Spy cables: 7 things you need to know about SA's spies

According to the leaks, bodyguards for Nkosazana Dlamini-Zuma slept in the corridor outside her hotel room in Addis Ababa after intelligence agencies failed to neutralise a threat on her life. (AFP)

According to the leaks, bodyguards for Nkosazana Dlamini-Zuma slept in the corridor outside her hotel room in Addis Ababa after intelligence agencies failed to neutralise a threat on her life. (AFP)

Al Jazeera’s Investigative Unit and The Guardian have published a series of stories, based on hundreds of leaked intelligence documents, revealing shocking details of the murky world of intelligence.

The documents are written by intelligence agencies from around the world, including the United Kingdom’s MI6, Russia’s FSB, and South Africa’s State Security Agency. From bumbling spies to assassination plots, here are seven things you need to know about South Africa’s intelligence services, according to the leaks:      

1. Israel stole plans by South Africa to buy missiles, seemingly with inside help, according to the leaked documents. In exchange for assurances by South Africa that an Israeli official allegedly implicated in the theft would not be prosecuted, Israel returned the stolen plans. 

2. Israel’s intelligence agency, Mossad, allegedly threatened to commit a cyber attack against South Africa’s banking and financial institutions unless the campaign to boycott Israel for its occupation of Palestine was stopped. According to the leak, then finance minister Pravin Gordhan was made aware of the threat in a note from anonymous sources in 2012. Apparently the letter gave the government 30 days to stop the Boycott Divestment and Sanctions (BDS) campaign against Israel.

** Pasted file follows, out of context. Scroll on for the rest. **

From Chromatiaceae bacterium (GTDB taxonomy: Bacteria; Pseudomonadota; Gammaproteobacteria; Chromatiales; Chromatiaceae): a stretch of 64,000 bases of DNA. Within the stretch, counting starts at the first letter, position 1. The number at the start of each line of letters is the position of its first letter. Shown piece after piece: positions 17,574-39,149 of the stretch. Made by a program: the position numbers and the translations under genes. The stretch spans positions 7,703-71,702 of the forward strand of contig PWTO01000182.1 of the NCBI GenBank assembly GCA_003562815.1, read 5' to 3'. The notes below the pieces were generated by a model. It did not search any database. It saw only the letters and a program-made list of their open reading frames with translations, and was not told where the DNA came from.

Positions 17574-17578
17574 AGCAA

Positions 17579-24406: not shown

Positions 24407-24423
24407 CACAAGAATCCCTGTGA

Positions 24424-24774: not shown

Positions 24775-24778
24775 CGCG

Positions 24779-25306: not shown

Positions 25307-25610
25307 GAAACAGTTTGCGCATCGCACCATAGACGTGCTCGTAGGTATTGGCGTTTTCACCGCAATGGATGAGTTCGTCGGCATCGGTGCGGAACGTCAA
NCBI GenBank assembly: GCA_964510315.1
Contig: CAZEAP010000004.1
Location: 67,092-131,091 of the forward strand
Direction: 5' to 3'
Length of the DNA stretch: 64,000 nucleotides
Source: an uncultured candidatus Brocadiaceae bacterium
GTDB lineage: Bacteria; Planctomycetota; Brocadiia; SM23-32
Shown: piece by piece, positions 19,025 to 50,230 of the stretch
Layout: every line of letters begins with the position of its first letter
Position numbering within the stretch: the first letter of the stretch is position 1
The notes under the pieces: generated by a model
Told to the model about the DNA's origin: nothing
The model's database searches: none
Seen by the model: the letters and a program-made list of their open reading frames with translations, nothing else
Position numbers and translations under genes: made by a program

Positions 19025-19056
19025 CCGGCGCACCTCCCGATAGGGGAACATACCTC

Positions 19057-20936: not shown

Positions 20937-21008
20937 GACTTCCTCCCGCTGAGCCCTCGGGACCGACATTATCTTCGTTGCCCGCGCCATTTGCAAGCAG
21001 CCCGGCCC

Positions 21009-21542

3. South Africa’s relationship with Israel broke down further, according to the leaked documents. South Africa apparently called Mossad “difficult” and references were made to levels of personal politics and deep distrust between the two country’s intelligence agencies. One Mossad spy was called “extremely arrogant” and it was said that he “showed no respect for the SSA’s way of doing things”. The document says “a liaison relationship on this basis is doomed before it even started”.

4. According to the leaks, South Africa conducted an assessment of its security apparatus. The assessment revealed shocking cracks in the system, with more than 140 foreign spies allegedly operating in South Africa. Allegedly, spies had gained access to the presidency, government ministries and were suspected of breaking into nuclear power plants, stealing military documents and hacking state computers.

5. A 2009 intelligence document allegedly says that foreign spies were instrumental in persuading decision makers involved in the 1999, R70-billion arms deal. The documents suggest this was not the first time foreign spies had been involved in manipulating other government tenders. Allegedly, in once case, “sensitive documentation relating to a prominent tender process was being tampered with”.     

6. South Africa’s security failures go further, according to one intelligence assessment document, extending to corruption at the country’s business registry, and the theft of pilot examination papers. One expert apparently called South Africa “naked” compared to the security of other countries. 

7. According to the leaks, bodyguards for African Union commission chairperson, Nkosazana Dlamini-Zuma slept in the corridor outside her hotel room in Addis Ababa after intelligence agencies failed to neutralise a threat on her life. Ethiopian intelligence later accused Sudan of being involved in the assassination plot. The documents apparently show that Ethiopian and South African intelligence services had been unprepared to handle the threat.

 
Sarah Evans

Sarah Evans

Sarah Evans interned at the Diamond Fields Advertiser in Kimberley for three years before completing an internship at the Mail & Guardian Centre for Investigative Journalism (amaBhungane). She went on to work as a Mail & Guardian news reporter with areas of interest including crime, law, governance and the nexus between business and politics.  Read more from Sarah Evans

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